In my daily research for my novel, I speculated that media coverage of an economic crisis that leaves no immediate trail of carnage would not gather the media attention it deserves. Rather, because the crisis I’m thinking about affects life as we know it and the foundation of our whole economy, it would instead leave a trail of the marked absence of media coverage so as to not cause a “scare.”
I was writing fiction, but fiction is just a pack of lies in search of the truth. Check out these facts:
US oil production peaked in 1971
The scientist that predicted this, Herbert, was ridiculed and ostracized by the industry. But his prediction was accurate, as shown below, albeit the decline was slightly less steep than he predicted due to more aggressive post-peak exploration.
Over that same time, book mentions of Peak Oil took a noteworthy decline between 1955 and 1970. About 15 years before the crisis, nobody wanted to put that taboo phrase “peak oil” into print. But as soon as the peak had past, everyone was writing about it (source: google ngrams).
Worldwide Peak oil projections
This is the consensus view on what year the world will produce the most oil in history.
And this is the google trends for the phrase “peak oil” on searches and in the media:
So if 1971 US peak oil is a model for what we can expect, we have begun our 10-15 year media silence period about the imminent decline in world oil production. That is the best case scenario. The worst case scenario is that the global consensus is right and this is the decade that oil production declines and the price of everything from fertilizer to medicine skyrockets. I tend to think that it will be 2016-2018, given the repeat of aggressive oil exploration that accompanies an industry-wide freak-out about the end of oil.
This desperation to find more oil leads to an artificial bubble in the apparent availability of oil for various reasons, which I exploit as a plot device in my novel. The most recent example was Brazillian mining tycoon Batisto, who gained and lost $34 billion dollars over the last 4 years in an attempt to drill for oil and then convince the rest of the world that he’d found a huge reserve:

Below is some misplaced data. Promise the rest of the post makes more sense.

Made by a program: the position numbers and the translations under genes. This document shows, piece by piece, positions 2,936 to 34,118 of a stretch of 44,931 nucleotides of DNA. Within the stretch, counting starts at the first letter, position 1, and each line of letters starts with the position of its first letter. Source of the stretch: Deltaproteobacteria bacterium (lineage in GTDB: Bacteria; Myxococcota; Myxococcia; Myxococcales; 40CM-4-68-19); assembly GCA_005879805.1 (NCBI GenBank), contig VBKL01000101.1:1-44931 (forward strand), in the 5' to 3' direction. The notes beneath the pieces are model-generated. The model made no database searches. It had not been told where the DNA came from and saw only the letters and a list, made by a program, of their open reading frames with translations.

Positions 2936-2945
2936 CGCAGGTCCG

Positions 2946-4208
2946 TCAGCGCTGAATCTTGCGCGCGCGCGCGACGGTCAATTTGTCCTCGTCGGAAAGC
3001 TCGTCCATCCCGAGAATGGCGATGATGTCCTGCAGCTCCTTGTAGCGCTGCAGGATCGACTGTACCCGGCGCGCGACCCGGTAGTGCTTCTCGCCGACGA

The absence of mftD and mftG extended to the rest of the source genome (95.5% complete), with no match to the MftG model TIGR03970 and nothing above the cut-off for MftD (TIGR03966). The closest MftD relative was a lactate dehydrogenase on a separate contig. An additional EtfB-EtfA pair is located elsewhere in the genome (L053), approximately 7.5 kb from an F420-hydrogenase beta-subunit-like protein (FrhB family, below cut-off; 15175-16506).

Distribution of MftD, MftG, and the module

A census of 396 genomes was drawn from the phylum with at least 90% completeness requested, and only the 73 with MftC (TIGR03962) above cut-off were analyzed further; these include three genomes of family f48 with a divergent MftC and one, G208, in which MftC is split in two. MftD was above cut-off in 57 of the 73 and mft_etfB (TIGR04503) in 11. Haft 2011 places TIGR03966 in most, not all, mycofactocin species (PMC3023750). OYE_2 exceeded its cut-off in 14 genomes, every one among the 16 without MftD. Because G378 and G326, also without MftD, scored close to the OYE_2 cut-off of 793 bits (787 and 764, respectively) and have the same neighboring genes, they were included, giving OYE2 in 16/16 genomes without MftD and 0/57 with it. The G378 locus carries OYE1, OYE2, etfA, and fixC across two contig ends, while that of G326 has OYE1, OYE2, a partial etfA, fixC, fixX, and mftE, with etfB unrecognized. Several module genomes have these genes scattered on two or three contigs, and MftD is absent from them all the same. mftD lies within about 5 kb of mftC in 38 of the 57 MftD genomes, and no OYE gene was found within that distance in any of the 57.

Here is the Businessweek story in brief about Batista
Eike Batista, the son of a billionaire, set out to make something of himself. He vowed to find gold and start a mining company at age 24 in Peru. He succeeded in starting 5 mining companies before turning his attention to the Brazillian oil market.
With Mendonça (former head prospector at Petrobras state oil company) at the helm of his new company OGX, Batista boasted that he now had a “dream team” that would discover deposits that Petrobras had missed. They bid double to quadruple what others offered for offshore Campos Oil fields, adjacent to established fields that had been historically hard to exploit. All the other companies low-balled their bids because their analyses showed it would yield less oil than OGX believed.
OGX announced it was aiming for more than 1 million barrels a day by 2019—which would have amounted to almost half of Brazil’s total output. They announced potential resources of 4.8 billion barrels, more than a third of Petrobras’s proven reserves. OGX had yet to drill a single well.
Batista’s super port at Açu was the capstone of his master plan—a virtuous cycle in which his shipping unit OSX Brasil paid rent to his LLX Logistica unit, while OGX produced natural gas for MPX Energia, which would supply electricity for his iron-ore mines. “If the port wasn’t mine, the port guy would charge me half of my profits,” he said in an interview with a German journalist. “You better control the whole system.”